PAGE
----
The world’s wealthy — and the corporations they run — are continually threatening to pull up stakes if the governments that host them get uppity enough to dare raise the tax rates on their wealth. But what if we only had one set of tax rates in the world — and a progressive set at that?
A silly impractical dream? Not to Saint Louis University law professor Henry Ordower. He argues in this new paper that a number of significant and often surprising changes in the financial and tax worlds have made a single global tax system now imaginable for the first time ever.
Ordower explains these changes and the many issues a grand unified global income tax raises in this sober and detailed study. If physicists can embark on a search for a grand unified theory to explain our natural world, he wonders, why can’t tax experts imagine something equally grand in their sphere?
New Wisdom on Wealth
- Henry Blodget, Sorry, Folks, Rich People Actually Don't 'Create The Jobs,' Business Insider, November 29, 2013. What does: an economy where most folks enjoy financial security.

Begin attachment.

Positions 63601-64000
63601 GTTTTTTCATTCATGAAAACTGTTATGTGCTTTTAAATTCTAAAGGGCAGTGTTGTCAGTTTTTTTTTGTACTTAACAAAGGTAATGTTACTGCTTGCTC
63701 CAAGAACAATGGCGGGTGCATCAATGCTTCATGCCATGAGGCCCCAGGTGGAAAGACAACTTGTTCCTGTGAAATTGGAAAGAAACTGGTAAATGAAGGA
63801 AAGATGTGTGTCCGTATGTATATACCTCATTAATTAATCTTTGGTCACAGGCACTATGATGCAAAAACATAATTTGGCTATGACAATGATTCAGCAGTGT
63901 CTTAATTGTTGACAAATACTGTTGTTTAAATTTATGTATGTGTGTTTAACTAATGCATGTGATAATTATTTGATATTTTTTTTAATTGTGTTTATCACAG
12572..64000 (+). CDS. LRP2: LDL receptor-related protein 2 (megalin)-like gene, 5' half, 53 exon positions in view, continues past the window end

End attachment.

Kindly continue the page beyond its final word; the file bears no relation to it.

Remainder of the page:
- Bob Lord, Estate Taxes: Down to 1 Percent and Sinking, Inequality.Org, November 26, 2013. Why the estate tax is no longer braking the transfer of princely fortunes from one generation to the next.
- John Cavanagh and Robin Broad, Six of the Top Ten U.S. Billionaires Are Kochs and Waltons, AlterNet, November 26, 2013. These two families stand in the way of America's two most urgent tasks: transforming our economy and cleaning up our politics.
- John Harkinson, Why Are Big Retailers Trying to Kill Thanksgiving? Mother Jones, November 27, 2013. The only mega retailer to resist turkey day sales turns out to be Costco, the mega retailer with the smallest pay gap between execs and workers.
- Suzanne Moore, Boris Johnson's philosophy isn't just elitist — it's sinister, Guardian, November 28, 2013. London's mayor seems well on the way to becoming the world's most unabashed apologist for inequality.
- Anthony Hall, CEO pay just reflection of America’s economic apartheid, Florida Courier, November 28, 2013. We've gone from the 1950s, a time when CEOs had vested interests in their communities, to today an era with CEOs interested only in their share value.